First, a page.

Be sure to check out the upcoming issue of Southern Boating for a great article on the liveaboard lifestyle. In case this is not yet on the stands, here is a link to a pdf of the article. And be sure to enjoy the photo of my goofy mug.

Here’s the article:

Southern Boating Magazine Article

It’s a 16mb file, but it sure looks good :)


The LA Times Article! : Drop Anchor, You’re Home

How cool is this! The article has come out, and aside from a handful of factual errors that relate to me (I’m happy about them actually because I don’t want everyone to know exactly where I am), I couldn’t possibly be happier with the article. Huge thanks to Ann Brenoff who approached this subject out of the blue. So nice!

Drop anchor, you’re home – Los Angeles Times

Drop anchor, you’re home
With housing prices high, living on a boat is gaining popularity among ocean lovers.
Ann Brenoff, Los Angeles Times Staff Writer
July 22, 2007Living aboard
There are few issues in a marina more likely to rock the boats than the topic of live-aboards — people or families who live full time on board.

For some, it’s the fulfillment of a fantasy lifestyle — the freedom to pick up anchor on a whim, living unburdened by possessions beyond one’s true needs. But the reality is that people choose to live on the water for a number of practical reasons as well.

Ok – it’s time for a bit of comedy. Here are two of the photos from the LA Times. There is nothing like having my funny mug taking up so much space in the news 🙂

LA Times Real Estate Section July 22, 2007 Lounging in the Salon

That’s enough for today. Enjoy!

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Cruising World Article – Taking a Leap of Faith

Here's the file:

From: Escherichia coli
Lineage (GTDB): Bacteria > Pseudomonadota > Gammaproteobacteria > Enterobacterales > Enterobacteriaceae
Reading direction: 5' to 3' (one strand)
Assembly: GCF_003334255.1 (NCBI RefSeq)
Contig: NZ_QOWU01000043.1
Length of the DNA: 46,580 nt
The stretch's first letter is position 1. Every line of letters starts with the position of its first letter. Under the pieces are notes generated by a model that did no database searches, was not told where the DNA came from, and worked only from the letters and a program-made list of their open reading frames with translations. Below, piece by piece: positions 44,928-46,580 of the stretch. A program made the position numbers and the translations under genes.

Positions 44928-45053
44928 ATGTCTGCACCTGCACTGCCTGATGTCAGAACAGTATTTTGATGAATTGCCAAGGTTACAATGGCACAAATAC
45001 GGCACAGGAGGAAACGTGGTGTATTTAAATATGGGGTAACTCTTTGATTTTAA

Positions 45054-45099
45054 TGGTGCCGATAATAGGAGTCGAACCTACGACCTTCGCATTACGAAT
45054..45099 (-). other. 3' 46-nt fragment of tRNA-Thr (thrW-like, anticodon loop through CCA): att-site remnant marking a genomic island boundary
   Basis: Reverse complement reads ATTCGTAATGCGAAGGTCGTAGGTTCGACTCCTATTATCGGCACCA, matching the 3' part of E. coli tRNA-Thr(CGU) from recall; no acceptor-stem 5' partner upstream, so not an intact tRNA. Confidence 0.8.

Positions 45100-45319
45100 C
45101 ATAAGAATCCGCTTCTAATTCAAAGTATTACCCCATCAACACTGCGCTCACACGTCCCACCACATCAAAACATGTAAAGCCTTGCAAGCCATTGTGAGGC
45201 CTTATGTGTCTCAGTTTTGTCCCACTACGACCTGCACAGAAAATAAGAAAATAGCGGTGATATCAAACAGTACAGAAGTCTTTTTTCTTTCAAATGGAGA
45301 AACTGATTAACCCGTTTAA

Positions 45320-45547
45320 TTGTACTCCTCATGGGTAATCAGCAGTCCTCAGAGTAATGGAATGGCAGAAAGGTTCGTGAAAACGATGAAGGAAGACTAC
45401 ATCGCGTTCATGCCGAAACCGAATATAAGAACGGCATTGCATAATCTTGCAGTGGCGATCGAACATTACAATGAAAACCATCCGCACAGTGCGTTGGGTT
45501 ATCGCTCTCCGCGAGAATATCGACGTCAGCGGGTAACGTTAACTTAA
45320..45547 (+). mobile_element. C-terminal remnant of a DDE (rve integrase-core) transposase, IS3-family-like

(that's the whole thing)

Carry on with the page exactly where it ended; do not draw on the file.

Cruising World – Taking a Leap of Faith – Excerpt from another terrific article.
July 18, 2007

By Lynne Walsh

We instantly fell in love with the romantic idea of living aboard a
boat and sailing off into the sunset. No beachfront purchase would be
necessary; we’d live where we wanted aboard a sailboat. The only glitch
in our plan was that we didn’t know how to sail. After the initial
excitement wore off, I began to wonder if our plan was too far-fetched.
How could we possibly learn all we needed to know to live safely on the
sea? [click above for the article]

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Canada East Online on Modern Day Liveaboards

Check out this great article from Canada East Online!

Modern day sailors relish adventure of everyday life aboard their boats



Although they pay $800 each month to live at the water’s edge, their home costs are a fraction of those of their condo-dwelling neighbours, with twice the tranquility: melodic birdsong in the morning and a cool Lake Ontario breeze at night.

For the full article, click here: http://www.canadaeast.com/search/article/29747

Tom’s Tips for Living Aboard

Tom’s top tips for living aboard Boat/US Magazine – Find Articles

Tom’s top tips for living aboard
Boat/US Magazine, July, 2004 by Tom Neale

I used to read all about “cruising” in the magazines. The people doing it took pride in things like bathing in a quart of water a week. Although they never used ice, their food either never rotted or they never noticed. They’d troll laundry and dishes over the stern to wash them, and troll everything else over the stern during hurricanes, for sea anchors.

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Home is Where the Wind Goes

Here is another terrific article on living aboard, from a couple who lives aboard year round.

Home is where the Wind Goes

“Who needs terra firma? Couple loves life aboard 34-foot sailboat, even
in shrink-wrapped winter” –

For Canada Day, Norman Finlay and his wife, Cheryl Hughes, plan to sail to Hamilton Harbour from Port Credit in their year-round floating home, an Aloha 34 sailboat.

Living Aboard article by The Macnaughton Group

Here is a great article on living aboard by The MacNaughton Group. Click on the link for the full article.

Click: Living Aboard for the article.  Here is an excerpt:

Our feeling is that an appreciation of Nature and one’s place in it should be the primary reason to adopt the live aboard lifestyle. Closely allied to this is the live aboard’s primary learned wisdom.